Egyptian national airline EgyptAir announced on Tuesday 18 April suspending flights to and from the Sudanese capital Khartoum indefinitely. The announcement was first made on Saturday 15 April for 72 hours following the eruption of conflict between the Sudanese Armed Forces (SAF) and the country’s main paramilitary group, the Rapid Support Forces (RSF).
In a statement on its official Facebook page, EgyptAir called on customers traveling to and from the Sudanese capital to review their reservations by contacting the EgyptAir call center.
Due to the eruption of violence and disruption of political affairs, Khartoum International Airport has been closed to all traffic since Saturday.
On Saturday, Egyptian president Abdelfattah Al Sisi called for an immediate ceasefire in Sudan. In a phone call between the president and UN Secretary-General Antonio Guterres, and another with President Salva Kiir Mayardit, President of the Republic of South Sudan, Al Sisi urged Sudanese parties “to prioritize dialogue and national consensus and to uphold the supreme interests of the Sudanese people.”
In the clashes, nearly 300 people have been killed and more than 2,600 injured, according to the World Health Organization (WHO) officials citing Sudan’s Ministry of Health Emergency Operations Center.
WHAT IS HAPPENING IN SUDAN?
Fighting began in Sudan’s capital city, Khartoum, and several other cities on Saturday, 15 April, and continued to escalate as the day drew on, including the use of heavy weapons and air force fighters and helicopters.
Since clashes erupted, the SAF and RSF have traded accusations as to the instigator of the clashes. The RSF issued a series of statements claiming that the SAF had attacked its base in Southern Sudan, and that it had in turn seized control of the city’s airport and Republic Palace.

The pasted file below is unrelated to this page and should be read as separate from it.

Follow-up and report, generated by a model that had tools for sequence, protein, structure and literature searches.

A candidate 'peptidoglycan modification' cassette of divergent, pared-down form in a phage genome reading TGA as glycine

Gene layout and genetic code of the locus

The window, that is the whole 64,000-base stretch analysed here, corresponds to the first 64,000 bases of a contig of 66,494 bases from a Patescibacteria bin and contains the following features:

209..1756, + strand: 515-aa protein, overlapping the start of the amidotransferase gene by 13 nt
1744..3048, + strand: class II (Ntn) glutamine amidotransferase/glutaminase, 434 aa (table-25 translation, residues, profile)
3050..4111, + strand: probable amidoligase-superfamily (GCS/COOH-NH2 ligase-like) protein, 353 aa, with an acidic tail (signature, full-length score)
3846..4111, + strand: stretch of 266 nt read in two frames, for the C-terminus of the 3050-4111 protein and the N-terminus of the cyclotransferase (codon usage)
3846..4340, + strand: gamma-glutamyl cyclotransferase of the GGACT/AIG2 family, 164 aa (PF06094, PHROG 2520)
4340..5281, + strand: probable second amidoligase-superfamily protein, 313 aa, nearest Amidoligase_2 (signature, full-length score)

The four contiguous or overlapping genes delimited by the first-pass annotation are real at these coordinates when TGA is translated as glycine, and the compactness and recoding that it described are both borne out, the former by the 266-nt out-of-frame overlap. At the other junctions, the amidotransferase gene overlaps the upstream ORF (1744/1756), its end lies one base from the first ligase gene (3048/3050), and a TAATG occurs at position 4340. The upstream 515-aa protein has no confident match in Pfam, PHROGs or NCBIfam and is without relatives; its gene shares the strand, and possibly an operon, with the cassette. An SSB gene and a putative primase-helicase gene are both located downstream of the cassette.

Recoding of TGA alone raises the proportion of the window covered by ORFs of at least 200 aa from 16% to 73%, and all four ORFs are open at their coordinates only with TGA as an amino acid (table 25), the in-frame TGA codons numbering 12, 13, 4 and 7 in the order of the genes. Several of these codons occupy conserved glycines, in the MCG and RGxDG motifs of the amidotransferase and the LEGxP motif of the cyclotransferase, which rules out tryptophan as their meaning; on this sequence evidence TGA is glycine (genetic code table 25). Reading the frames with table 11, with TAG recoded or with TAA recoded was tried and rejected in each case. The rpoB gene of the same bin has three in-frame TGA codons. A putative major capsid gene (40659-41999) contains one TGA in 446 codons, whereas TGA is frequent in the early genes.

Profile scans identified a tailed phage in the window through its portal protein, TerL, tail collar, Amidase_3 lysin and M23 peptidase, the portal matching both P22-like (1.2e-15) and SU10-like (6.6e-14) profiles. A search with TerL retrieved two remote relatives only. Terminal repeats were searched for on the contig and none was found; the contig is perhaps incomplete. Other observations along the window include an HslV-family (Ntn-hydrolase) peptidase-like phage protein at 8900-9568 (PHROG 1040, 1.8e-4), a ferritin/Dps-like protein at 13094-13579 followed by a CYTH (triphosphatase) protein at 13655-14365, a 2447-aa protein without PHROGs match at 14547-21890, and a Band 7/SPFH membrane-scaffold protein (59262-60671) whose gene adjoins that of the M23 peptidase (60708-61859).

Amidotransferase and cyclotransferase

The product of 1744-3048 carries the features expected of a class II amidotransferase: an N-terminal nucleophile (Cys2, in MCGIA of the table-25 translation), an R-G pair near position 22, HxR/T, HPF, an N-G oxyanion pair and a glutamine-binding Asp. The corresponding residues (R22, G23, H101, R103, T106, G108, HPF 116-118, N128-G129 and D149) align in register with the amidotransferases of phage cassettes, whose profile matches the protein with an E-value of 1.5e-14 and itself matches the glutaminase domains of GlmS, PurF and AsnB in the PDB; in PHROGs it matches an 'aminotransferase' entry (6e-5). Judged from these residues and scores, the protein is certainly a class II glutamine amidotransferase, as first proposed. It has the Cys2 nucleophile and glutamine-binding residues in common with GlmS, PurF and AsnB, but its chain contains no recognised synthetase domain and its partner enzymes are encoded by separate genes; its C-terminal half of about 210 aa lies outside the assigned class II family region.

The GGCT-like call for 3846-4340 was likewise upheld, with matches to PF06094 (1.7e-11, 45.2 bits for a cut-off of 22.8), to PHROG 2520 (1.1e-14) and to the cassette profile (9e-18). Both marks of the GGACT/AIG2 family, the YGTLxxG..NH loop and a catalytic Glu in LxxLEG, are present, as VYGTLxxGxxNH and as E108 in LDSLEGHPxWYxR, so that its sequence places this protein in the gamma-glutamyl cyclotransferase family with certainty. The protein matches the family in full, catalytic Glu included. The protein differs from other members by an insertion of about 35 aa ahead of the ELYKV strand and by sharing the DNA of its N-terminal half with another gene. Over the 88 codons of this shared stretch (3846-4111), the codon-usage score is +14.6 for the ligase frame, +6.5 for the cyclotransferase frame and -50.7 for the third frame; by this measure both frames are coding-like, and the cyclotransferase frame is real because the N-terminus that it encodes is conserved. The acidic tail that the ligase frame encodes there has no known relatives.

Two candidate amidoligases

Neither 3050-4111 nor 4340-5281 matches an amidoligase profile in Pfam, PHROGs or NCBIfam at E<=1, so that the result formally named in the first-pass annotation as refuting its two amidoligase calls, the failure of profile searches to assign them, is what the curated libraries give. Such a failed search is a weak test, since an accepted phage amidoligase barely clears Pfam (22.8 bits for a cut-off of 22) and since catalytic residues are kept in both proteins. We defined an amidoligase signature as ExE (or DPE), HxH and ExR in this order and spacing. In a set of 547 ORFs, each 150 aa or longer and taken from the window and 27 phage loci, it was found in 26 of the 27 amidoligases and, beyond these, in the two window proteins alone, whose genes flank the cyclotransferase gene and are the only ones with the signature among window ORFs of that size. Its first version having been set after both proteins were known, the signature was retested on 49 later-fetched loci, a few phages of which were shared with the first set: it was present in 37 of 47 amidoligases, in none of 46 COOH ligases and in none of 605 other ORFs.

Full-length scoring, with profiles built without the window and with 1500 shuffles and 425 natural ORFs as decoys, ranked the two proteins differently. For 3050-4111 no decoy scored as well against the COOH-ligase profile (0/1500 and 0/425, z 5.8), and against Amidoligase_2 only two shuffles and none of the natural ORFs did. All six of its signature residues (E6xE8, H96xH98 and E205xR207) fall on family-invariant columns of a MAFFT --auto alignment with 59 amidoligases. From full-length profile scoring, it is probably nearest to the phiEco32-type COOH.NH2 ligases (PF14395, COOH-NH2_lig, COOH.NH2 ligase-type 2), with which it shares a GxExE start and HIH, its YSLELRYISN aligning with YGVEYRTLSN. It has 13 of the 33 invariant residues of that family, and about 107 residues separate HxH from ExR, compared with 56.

The SAF, meanwhile, has rebuffed the claims, and says it is still in control of all bases and airports across the capital. Neither party’s claims could be verified, making it nearly impossible to verify who has control of these strategic locations.
Tensions between the RSF and the SAF have been rising for months, but their roots go as far back as the days of former Sudanese president Omar Al-Bashir, who was ousted in 2019. Under Al-Bashir’s rule, the RSF was formed in 2003 from a number of militias, which played a role in the conflict that raged in the Sudanese region of Darfur for decades. Later Bashir put the RSF under the authority of the SAF in 2017, while maintaining its autonomy and separate command structure.
However, the rising of the current tensions can be traced back to an internationally backed deal was proposed late last year, to put Sudan back on track to democratic transition and a return to civilian rule. This deal was brokered by Saudi Arabia, the United Arab Emirates, the United Nations, and the United States.